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ASU professor named NASA's Mars Sample Return program scientist

School of Earth and Space Exploration Director Meenakshi Wadhwa holds a meteorite

School of Earth and Space Exploration Director Meenakshi Wadhwa in ASU's Center for Meteorite Studies vault. Photo by ASU

April 15, 2021

NASA’s Jet Propulsion Laboratory has announced that Professor Meenakshi Wadhwa, director of Arizona State University's School of Earth and Space Exploration, has been appointed as the Mars Sample Return (MSR) program scientist. In this role, Wadhwa will be responsible for the scientific integrity and the overall scientific success of the program.

“Professor Wadhwa is a world-renowned planetary scientist with significant expertise in the scientific analysis and curation of space samples. I couldn’t imagine a better person to take this role at this critical time in the Mars Sample Return program,” said Bobby Braun, director for planetary science at JPL. “The JPL team is excited to work closely with Professor Wadhwa over the next several years on this history-making mission for humanity.”

The Mars Sample Return program, which is being planned jointly by NASA and the European Space Agency, will return samples collected by the Perseverance rover from the surface of Mars to Earth by way of a Sample Retrieval Lander (SRL) and an Earth Return Orbiter (ERO). Launch dates for both the SRL and ERO missions are anticipated to be in the 2026–2028 timeframe, with samples of Martian rocks, soils and atmosphere returning to Earth as early as 2031 for detailed laboratory analysis.

“As the MSR program scientist, I will be working with an amazing team of scientists and engineers on the audacious goal of bringing back the first samples from another terrestrial planet,” Wadhwa said. “We’ve learned a lot about the red planet from the increasingly sophisticated robotic spacecraft we have sent there. Sample return is the next logical step in exploring the geologic, and the possible biologic, evolution of Mars, and these samples will be available for future generations to study.”

In her capacity as MSR program scientist, Wadhwa will also work closely with the Mars 2020 science team, NASA headquarters’ MSR program lead scientist and the European Space Agency’s MSR lead scientist to shape the scientific strategy and ultimate execution of the MSR campaign. Wadhwa has also been named a JPL Distinguished Visiting Scientist.

“Professor Wadhwa’s passion and expertise are the perfect fit for this role and continues our decades-long history of space exploration to the red planet,” ASU President Michael M. Crow said. “Her work in planetary science means she will help ensure that the Mars Sample Return mission is as scientifically valid as it is technologically ambitious. In so many ways, her work and this mission parallel one of the university’s central themes: What’s next? Next in science, next in education, next for human exploration. Mars exploration is that next.”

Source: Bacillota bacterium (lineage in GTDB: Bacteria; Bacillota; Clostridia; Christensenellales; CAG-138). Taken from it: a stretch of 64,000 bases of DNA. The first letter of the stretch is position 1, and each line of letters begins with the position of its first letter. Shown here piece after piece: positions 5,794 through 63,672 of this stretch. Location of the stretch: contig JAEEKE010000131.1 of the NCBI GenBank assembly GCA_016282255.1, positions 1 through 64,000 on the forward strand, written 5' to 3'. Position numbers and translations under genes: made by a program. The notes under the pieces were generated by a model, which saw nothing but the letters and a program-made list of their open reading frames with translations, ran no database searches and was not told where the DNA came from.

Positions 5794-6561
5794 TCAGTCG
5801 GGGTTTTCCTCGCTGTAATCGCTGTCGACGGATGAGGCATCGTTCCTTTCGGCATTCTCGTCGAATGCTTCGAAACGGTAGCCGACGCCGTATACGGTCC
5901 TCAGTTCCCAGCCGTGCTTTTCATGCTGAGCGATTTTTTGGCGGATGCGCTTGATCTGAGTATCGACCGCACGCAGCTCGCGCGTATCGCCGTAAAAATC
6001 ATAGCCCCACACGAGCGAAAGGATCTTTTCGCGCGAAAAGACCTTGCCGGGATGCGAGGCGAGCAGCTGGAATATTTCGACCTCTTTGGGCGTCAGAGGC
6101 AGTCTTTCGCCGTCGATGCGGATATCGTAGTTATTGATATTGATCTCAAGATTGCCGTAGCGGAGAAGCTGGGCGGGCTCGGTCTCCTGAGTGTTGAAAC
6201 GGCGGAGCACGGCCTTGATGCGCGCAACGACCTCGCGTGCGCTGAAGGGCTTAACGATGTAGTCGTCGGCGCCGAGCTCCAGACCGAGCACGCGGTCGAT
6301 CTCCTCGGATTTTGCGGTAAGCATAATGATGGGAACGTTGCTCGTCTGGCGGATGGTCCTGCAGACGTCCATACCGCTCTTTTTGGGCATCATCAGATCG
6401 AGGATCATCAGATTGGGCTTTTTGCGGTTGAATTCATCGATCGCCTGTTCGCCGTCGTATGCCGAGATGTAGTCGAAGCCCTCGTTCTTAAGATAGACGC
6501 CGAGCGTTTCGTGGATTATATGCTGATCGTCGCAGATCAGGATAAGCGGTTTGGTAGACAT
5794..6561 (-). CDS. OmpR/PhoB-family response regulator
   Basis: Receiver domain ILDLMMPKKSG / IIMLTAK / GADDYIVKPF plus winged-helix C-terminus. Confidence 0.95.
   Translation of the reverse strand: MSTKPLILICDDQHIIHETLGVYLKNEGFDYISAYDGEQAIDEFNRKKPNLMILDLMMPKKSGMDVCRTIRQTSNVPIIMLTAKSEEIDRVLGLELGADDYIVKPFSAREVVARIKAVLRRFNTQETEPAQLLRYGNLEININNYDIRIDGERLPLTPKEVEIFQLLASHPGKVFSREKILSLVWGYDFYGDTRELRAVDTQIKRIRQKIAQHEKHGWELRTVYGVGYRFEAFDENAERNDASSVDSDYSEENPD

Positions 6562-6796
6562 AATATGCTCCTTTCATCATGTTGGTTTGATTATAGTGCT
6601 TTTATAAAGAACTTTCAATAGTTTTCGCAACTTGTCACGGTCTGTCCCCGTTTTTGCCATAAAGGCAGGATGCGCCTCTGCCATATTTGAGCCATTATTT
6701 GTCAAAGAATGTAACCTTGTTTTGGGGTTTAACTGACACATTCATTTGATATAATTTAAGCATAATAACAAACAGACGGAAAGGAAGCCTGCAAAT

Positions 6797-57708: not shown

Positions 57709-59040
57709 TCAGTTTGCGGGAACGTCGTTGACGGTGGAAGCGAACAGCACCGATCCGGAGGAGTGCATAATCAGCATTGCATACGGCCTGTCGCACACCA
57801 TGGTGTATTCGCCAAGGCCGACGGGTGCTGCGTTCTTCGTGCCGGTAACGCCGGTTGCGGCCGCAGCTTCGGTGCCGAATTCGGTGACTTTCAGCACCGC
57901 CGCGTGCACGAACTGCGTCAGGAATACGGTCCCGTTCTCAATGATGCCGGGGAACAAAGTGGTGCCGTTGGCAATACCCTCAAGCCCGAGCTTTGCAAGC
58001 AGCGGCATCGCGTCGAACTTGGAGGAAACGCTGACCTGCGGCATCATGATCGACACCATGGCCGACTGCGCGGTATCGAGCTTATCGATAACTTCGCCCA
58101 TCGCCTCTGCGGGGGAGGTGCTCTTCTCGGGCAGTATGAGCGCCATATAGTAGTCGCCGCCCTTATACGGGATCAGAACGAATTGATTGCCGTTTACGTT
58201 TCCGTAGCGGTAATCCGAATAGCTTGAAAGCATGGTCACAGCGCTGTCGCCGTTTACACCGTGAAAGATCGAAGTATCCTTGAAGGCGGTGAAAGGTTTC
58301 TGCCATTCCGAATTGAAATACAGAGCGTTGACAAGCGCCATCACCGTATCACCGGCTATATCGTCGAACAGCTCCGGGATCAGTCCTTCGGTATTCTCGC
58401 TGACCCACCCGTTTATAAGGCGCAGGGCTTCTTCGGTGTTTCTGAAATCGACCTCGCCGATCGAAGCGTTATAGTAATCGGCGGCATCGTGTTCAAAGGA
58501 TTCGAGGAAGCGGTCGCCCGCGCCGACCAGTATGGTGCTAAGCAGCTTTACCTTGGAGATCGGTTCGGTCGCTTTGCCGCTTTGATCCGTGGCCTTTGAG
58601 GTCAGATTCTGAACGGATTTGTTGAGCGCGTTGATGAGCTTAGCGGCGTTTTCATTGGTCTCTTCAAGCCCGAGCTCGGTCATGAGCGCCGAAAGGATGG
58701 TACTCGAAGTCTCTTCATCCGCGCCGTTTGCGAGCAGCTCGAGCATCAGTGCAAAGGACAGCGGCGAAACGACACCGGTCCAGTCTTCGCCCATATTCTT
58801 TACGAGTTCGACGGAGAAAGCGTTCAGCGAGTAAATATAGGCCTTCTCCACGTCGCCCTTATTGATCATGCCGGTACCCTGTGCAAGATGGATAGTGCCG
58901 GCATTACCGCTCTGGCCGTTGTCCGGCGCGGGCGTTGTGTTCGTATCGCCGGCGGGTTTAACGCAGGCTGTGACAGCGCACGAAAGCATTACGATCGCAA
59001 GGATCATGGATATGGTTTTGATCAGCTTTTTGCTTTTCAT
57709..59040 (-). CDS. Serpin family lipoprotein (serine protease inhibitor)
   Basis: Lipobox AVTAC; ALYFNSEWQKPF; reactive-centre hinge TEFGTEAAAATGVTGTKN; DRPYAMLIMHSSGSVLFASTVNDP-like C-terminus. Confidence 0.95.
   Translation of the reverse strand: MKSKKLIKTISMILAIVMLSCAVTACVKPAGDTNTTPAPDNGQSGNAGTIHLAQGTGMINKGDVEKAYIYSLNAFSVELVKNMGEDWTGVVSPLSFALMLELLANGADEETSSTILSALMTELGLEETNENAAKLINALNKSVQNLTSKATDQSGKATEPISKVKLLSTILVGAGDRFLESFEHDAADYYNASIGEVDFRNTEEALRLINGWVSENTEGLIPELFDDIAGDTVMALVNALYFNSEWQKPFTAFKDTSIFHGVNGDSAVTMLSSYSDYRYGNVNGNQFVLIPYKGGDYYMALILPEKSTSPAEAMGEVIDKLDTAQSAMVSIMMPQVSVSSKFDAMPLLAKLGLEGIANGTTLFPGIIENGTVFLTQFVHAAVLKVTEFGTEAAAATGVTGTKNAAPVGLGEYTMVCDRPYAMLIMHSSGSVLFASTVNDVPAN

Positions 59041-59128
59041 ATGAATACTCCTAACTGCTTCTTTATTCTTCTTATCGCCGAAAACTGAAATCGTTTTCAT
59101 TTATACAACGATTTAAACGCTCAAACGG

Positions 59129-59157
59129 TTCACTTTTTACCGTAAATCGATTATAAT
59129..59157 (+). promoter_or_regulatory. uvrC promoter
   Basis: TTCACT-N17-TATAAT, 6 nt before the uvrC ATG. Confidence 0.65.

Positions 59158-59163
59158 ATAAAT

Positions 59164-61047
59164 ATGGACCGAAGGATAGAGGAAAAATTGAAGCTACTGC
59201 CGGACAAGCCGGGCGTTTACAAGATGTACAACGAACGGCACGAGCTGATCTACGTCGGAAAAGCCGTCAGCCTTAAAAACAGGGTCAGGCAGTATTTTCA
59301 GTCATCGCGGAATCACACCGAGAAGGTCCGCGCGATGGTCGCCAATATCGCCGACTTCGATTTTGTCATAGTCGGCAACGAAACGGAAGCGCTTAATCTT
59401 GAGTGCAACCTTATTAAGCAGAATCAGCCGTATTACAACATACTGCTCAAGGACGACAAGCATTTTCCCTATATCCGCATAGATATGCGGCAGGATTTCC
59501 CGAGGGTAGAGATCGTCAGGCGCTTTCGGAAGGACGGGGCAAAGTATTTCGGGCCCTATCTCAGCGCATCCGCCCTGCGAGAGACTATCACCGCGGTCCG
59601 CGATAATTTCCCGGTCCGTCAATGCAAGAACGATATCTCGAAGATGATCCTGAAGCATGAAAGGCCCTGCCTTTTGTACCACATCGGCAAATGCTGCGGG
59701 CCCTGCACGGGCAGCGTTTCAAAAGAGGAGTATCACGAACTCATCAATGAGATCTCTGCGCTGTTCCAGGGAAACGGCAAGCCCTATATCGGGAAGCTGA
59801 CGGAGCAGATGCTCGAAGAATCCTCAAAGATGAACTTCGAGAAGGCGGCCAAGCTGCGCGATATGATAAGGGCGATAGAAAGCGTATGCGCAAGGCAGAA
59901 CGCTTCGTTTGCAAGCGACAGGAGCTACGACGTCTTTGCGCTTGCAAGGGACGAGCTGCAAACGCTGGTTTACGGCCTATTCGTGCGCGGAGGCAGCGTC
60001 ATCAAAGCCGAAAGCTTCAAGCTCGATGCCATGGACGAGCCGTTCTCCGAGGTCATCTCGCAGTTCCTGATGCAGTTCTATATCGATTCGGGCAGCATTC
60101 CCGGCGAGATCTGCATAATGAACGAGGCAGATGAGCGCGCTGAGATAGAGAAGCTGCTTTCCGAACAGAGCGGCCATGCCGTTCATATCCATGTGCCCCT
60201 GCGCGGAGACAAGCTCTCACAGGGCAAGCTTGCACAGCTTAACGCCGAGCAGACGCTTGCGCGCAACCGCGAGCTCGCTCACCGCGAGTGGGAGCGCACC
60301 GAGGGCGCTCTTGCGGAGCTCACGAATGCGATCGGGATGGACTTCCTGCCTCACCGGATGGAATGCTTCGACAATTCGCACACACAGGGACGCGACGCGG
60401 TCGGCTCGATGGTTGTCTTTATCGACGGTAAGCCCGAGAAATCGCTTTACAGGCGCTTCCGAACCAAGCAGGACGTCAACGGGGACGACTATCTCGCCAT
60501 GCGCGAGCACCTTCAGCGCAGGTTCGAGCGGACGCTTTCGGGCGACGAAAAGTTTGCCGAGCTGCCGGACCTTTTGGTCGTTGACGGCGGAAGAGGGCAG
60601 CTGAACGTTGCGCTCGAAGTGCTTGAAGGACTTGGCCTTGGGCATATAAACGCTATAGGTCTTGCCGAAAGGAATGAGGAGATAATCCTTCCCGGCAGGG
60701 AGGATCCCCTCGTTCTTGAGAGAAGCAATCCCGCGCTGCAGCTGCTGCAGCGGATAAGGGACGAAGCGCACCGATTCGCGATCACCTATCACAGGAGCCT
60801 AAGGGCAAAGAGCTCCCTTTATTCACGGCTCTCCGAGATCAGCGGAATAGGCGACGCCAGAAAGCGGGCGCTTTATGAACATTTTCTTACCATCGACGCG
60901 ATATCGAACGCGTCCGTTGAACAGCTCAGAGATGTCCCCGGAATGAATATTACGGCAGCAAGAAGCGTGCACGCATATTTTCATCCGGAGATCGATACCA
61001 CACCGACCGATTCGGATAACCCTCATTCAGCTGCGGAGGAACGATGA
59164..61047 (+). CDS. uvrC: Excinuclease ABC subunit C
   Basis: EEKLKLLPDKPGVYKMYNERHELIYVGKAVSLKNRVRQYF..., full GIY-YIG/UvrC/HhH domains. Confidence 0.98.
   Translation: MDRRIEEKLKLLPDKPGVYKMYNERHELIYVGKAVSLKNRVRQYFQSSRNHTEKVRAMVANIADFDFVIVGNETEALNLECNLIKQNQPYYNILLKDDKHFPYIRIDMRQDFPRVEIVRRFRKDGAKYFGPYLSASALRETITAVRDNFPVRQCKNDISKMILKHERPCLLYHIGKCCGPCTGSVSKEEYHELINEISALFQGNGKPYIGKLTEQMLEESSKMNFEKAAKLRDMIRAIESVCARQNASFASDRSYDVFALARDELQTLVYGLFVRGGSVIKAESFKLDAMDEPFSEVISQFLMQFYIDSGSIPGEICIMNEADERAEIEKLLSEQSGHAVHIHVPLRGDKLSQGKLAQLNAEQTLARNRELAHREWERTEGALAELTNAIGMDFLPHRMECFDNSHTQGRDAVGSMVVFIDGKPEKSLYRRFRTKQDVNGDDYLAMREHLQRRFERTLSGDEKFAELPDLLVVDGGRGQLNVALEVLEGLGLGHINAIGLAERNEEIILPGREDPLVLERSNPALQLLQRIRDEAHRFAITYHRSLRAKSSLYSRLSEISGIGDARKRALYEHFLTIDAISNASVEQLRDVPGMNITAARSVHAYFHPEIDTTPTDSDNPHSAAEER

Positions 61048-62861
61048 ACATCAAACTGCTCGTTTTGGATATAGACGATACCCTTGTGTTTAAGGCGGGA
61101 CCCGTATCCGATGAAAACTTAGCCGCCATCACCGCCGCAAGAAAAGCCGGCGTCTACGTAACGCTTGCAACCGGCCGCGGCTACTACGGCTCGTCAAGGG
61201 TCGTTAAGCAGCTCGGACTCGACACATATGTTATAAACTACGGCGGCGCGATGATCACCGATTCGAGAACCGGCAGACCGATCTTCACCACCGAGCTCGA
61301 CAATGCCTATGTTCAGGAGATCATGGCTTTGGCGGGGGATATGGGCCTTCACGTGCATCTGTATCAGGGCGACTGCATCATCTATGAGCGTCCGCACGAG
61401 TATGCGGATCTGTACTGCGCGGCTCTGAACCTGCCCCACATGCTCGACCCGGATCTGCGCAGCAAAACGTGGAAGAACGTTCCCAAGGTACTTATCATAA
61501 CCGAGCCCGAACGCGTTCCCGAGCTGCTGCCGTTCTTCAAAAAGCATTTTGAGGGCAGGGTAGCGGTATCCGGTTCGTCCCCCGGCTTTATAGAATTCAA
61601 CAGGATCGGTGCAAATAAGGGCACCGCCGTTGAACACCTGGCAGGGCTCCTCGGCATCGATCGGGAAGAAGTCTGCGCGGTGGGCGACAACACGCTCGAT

Video by NASA Jet Propulsion Laboratory

In addition to serving as director of the School of Earth and Space Exploration, Wadhwa is an isotope cosmochemist and previously served as the director of ASU’s Center for Meteorite Studies from 2006 to 2019. She was president of the Meteoritical Society in 2019–2020 and an asteroid, “8356 Wadhwa,” was named for her in recognition of her contributions to meteoritics and planetary science.

“My scientific career began with studying the Martian meteorites, which are the only samples of Mars currently available to study in laboratories here on Earth,” Wadhwa said. “In a sense, this new role with MSR makes me feel that much closer to my ultimate dream of being an explorer on Mars.”

An artist's concept of the proposed Mars Sample Return mission portraying the capture of a collection of Martian samples by a spacecraft orbiting Mars. Credit: NASA/JPL-Caltech

Wadhwa has served on numerous advisory committees for NASA and the National Academies of Science, Engineering, and Medicine, and currently chairs the science committee of the NASA Advisory Council. She is also a recipient of the Fulbright-Nehru Academic and Professional Excellence Award (2015), the Guggenheim Fellowship (2005) and the Nier Prize of the Meteoritical Society (2000). In 2018–2019, she was awarded an American Council on Education Fellowship and she is a fellow of the American Geophysical Union, and a geochemistry fellow of the Geochemical Society and the European Association of Geochemistry. She was awarded the J. Lawrence Smith Medal by the National Academy of Sciences in 2021.

In addition to MSR, ASU faculty, researchers and students are involved in several active Mars missions including the United Arab Emirates al-Amal (Hope) orbiter EMIRS instrument; NASA's Mars 2020 rover Perseverance Mastcam-Z instrument; NASA's Mars Science Laboratory rover Curiosity Mastcam instrument; NASA's Mars Reconnaissance Orbiter; and NASA’s Mars Odyssey Orbiter THEMIS instrument (currently celebrating its 20th anniversary).

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